Thursday, March 27, 2008

Need Prayer Now

Paul and I have to make a hard decision quickly, as in by noon. Please pray for wisdom.
Will discuss later depending on outcome.

Post-Spanking Grace

My boy got the spanking.
I got the grace.
He was disrespectful to me at co-op during art class and I promised him a spanking at home.
I followed through.
It was a hard one, made him jump up and down, holding his butt.
I wasn't angry, I was in complete control. I just explained what he already knew: You may not talk to me that way. It's wrong, and you set a bad example in class.
Afterwards, two minutes later, he came and put his arms around me and said, "You're the best mom in the whole world."

I don't ever remember thinking in my pre-child days that spankings could end so sweetly.
The grace he gave me.
So pure.

Wednesday, March 26, 2008

Be Polite Even When You Sing

Joel cracked me up yesterday with a really good one. Just when you think your kids aren't catching on to the whole manners thing....

Tuesday, March 25, 2008

Get Your Kitchen On: Cooking Contest to Feed the Poor

Moving this post up. Minor changes noted in bold.
Here's a contest I've designed for all you foodies OR anyone who is okay to give their prize away for the sake of the hungry worldwide, which is what this contest is really about.

The contest:
Make 7 new things in 10 days.
The days are April 1-10.
There are 7 categories; the object is to make one NEW-TO-YOU thing from each category.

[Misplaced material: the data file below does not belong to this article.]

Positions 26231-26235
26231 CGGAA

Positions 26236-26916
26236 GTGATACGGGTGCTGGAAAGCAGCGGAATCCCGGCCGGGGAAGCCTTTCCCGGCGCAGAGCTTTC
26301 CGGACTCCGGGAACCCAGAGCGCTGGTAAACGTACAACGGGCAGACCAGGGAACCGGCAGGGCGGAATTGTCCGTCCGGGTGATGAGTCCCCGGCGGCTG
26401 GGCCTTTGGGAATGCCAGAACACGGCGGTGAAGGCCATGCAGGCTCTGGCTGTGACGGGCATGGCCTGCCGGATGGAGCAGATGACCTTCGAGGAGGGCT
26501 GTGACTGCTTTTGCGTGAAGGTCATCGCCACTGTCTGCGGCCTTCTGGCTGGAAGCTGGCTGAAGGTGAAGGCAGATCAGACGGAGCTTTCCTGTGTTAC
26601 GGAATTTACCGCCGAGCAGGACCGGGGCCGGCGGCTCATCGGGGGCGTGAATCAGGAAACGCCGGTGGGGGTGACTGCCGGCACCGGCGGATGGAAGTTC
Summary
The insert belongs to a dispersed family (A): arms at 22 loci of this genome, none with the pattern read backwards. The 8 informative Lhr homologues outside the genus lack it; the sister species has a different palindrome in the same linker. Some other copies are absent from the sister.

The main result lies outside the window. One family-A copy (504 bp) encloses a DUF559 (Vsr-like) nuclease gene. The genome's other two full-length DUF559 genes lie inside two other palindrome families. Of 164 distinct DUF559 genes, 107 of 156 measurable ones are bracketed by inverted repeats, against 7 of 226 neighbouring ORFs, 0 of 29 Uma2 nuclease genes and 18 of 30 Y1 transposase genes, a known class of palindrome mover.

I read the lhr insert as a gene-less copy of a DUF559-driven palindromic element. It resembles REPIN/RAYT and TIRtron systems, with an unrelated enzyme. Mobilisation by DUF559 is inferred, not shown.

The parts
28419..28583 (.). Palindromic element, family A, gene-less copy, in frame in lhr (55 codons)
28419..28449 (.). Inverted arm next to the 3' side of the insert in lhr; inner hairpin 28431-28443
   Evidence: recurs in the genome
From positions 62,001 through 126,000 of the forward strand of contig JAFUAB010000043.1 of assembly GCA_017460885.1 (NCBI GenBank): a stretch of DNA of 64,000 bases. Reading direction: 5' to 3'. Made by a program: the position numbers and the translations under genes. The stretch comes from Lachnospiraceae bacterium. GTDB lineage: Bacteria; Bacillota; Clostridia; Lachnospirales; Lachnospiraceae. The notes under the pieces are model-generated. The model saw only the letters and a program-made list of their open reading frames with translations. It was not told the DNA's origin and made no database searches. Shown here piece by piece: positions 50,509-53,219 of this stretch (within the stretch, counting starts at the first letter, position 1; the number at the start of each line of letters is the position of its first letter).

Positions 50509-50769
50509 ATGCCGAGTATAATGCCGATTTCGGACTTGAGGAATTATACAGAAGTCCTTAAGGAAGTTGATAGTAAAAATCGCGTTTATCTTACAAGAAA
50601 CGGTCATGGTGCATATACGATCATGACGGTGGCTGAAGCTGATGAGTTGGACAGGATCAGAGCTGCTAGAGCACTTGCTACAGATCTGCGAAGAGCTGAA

You can make one per day, or combine new things in a single day, but can't take more than 10 days to complete it.
You must post your recipes, give the source, and post your own review on your blog.

Not a blogger but want to enter?
Email me your recipes and reviews instead. (Only people I know will get my email address.)

Keep your reviews short and sweet, such as "Always wanted to try this fish on the grill. It was easier/harder than I thought. In the future, I would/wouldn't try it again. I give it (how many) stars (out of 5). I tweaked it/ followed the recipe exactly. I would or wouldn't recommend it." No pressure to talk us into the recipe. The idea is to try new things for your sake, your family's or friends' sake, and the sake of the poor.

How will it benefit the poor? Glad you asked.

Because here's the prize. The person with the most new recipes tried--and posted about-- in 10 days wins one dollar for each one, and the money goes to Compassion OR Global Aid Network. (Winner's choice.) I will also add a dollar for each new thing I try. (You do 7, I do 7, I'll donate $14). Winner gets to pick between GAIN and Compassion. Winner gets to tell me where to donate within the organization as well.

HOMEMADE is the key. You can't try the bruschetta from Costco or mango iced tea from Chili's or dessert from a box of Mrs. Smith's, in case you were wondering. You must make it yourself. You may enlist sous chefs, but you are the head chef!

In case of a tie, first one to leave their comment that they've posted all their reviews on their blog wins. Pictures are great but not necessary.

Here are the categories:
1. beverage (hot, cold, single serving or whole pitcher, doesn't matter)
2. appetizer
3. meat entree (any meat, including fish)
4. vegetarian entree (not even fish; but must contain protein)
5. vegetable